George is an inveterate gossip, and had I told him that I was off to Ruritania, the news would have been in London in three days and in Park Lane in a week. I was, therefore, about to return an evasive answer, when he saved my conscience by leaving me suddenly and darting across the platform. Following him with my eyes, I saw him lift his hat and accost a graceful, fashionably dressed woman who had just appeared from the booking-office. She was, perhaps, a year or two over thirty, tall, dark, and of rather full figure. As George talked, I saw her glance at me, and my vanity was hurt by the thought that, muffled in a fur coat and a neck-wrapper (for it was a chilly April day) and wearing a soft travelling hat pulled down to my ears, I must be looking very far from my best. A moment later, George rejoined me.
"You've got a charming travelling companion," he said. "That's poor Bert Bertrand's goddess, Antoinette de Mauban, and, like you, she's going to Dresden—also, no doubt, to see the pictures. It's very queer, though, that she doesn't at present desire the honour of your acquaintance."
"I didn't ask to be introduced," I observed, a little annoyed.
"Well, I offered to bring you to her; but she said, 'Another time.' Never mind, old fellow, perhaps there'll be a smash, and you'll have a chance of rescuing her and cutting out the Duke of Strelsau!"
No smash, however, happened, either to me or to Madame de Mauban. I can speak for her as confidently as for myself; for when, after a night's rest in Dresden, I continued my journey, she got into the same train. Understanding that she wished to be let alone, I avoided her carefully, but I saw that she went the same way as I did to the very end of my journey, and I took opportunities of having a good look at her, when I could do so unobserved.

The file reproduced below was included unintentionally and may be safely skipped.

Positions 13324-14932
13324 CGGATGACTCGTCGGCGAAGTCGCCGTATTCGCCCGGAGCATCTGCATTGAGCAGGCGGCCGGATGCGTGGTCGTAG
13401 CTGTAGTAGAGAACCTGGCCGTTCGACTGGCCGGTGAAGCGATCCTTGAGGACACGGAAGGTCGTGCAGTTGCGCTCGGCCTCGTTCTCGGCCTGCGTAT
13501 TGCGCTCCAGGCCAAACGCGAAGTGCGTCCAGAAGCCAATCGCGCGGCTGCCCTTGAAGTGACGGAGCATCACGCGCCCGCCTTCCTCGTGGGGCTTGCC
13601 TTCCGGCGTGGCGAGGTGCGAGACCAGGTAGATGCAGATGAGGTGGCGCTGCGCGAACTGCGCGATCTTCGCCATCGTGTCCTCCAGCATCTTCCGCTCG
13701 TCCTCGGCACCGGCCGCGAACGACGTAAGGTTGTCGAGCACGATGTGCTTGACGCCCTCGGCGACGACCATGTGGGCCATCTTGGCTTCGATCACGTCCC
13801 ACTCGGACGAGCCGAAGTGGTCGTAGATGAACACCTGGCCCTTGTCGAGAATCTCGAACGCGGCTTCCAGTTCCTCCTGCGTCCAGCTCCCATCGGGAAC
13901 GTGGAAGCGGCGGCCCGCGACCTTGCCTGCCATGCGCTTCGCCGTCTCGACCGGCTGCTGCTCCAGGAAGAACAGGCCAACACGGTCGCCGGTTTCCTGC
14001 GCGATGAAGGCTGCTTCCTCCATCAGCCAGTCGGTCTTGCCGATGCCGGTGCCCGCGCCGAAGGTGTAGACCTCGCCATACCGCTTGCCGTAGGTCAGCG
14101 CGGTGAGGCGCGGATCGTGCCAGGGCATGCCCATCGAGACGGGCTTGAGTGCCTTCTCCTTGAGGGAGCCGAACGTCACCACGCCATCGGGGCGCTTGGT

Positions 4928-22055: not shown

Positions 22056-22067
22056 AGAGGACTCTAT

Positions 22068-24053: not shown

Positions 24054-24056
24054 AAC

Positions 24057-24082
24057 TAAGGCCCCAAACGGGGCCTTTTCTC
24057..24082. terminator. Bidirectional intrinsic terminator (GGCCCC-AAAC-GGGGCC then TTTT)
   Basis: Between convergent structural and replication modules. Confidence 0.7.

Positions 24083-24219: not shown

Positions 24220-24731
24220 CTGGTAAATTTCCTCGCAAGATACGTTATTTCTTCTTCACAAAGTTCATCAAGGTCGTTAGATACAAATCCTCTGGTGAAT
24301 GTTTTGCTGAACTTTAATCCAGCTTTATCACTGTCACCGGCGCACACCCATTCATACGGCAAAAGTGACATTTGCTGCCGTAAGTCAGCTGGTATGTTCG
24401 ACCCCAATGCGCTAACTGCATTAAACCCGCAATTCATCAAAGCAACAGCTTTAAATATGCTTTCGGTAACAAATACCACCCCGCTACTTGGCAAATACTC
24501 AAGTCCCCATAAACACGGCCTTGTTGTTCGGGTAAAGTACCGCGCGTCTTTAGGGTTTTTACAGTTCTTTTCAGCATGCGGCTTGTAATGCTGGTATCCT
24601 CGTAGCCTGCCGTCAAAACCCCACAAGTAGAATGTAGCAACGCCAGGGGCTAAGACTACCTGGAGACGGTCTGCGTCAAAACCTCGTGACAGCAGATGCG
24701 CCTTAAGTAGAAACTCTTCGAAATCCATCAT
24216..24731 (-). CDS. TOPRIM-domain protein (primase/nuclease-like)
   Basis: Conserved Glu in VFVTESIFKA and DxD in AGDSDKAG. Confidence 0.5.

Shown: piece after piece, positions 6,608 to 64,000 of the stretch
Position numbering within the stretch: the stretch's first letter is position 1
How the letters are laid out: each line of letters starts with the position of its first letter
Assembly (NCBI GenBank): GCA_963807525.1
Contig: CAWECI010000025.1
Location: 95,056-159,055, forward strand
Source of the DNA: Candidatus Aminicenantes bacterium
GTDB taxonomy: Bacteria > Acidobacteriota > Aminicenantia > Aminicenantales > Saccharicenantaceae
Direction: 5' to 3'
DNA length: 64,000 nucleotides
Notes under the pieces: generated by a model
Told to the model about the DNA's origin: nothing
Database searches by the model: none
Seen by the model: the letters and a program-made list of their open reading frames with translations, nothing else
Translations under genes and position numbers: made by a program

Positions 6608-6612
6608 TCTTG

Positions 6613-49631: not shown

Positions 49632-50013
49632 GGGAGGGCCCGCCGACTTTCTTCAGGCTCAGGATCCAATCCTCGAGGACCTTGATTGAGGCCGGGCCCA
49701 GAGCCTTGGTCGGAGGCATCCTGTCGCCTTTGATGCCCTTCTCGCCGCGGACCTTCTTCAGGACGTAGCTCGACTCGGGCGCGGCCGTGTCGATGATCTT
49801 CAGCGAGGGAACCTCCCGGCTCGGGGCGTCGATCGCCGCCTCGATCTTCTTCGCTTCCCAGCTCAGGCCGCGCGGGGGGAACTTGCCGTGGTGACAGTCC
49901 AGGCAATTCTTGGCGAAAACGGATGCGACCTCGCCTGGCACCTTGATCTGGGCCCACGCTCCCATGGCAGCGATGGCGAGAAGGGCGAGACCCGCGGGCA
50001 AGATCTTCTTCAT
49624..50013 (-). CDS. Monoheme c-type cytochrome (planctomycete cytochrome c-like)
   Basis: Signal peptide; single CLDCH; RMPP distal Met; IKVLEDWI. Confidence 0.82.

As soon as we reached the Ruritanian frontier (where the old officer who presided over the Custom House favoured me with such a stare that I felt surer than before of my Elphberg physiognomy), I bought the papers, and found in them news which affected my movements. For some reason, which was not clearly explained, and seemed to be something of a mystery, the date of the coronation had been suddenly advanced, and the ceremony was to take place on the next day but one. The whole country seemed in a stir about it, and it was evident that Strelsau was thronged. Rooms were all let and hotels overflowing; there would be very little chance of my obtaining a lodging, and I should certainly have to pay an exorbitant charge for it. I made up my mind to stop at Zenda, a small town fifty miles short of the capital, and about ten from the frontier. My train reached there in the evening; I would spend the next day, Tuesday, in a wander over the hills, which were said to be very fine, and in taking a glance at the famous Castle, and go over by train to Strelsau on the Wednesday morning, returning at night to sleep at Zenda.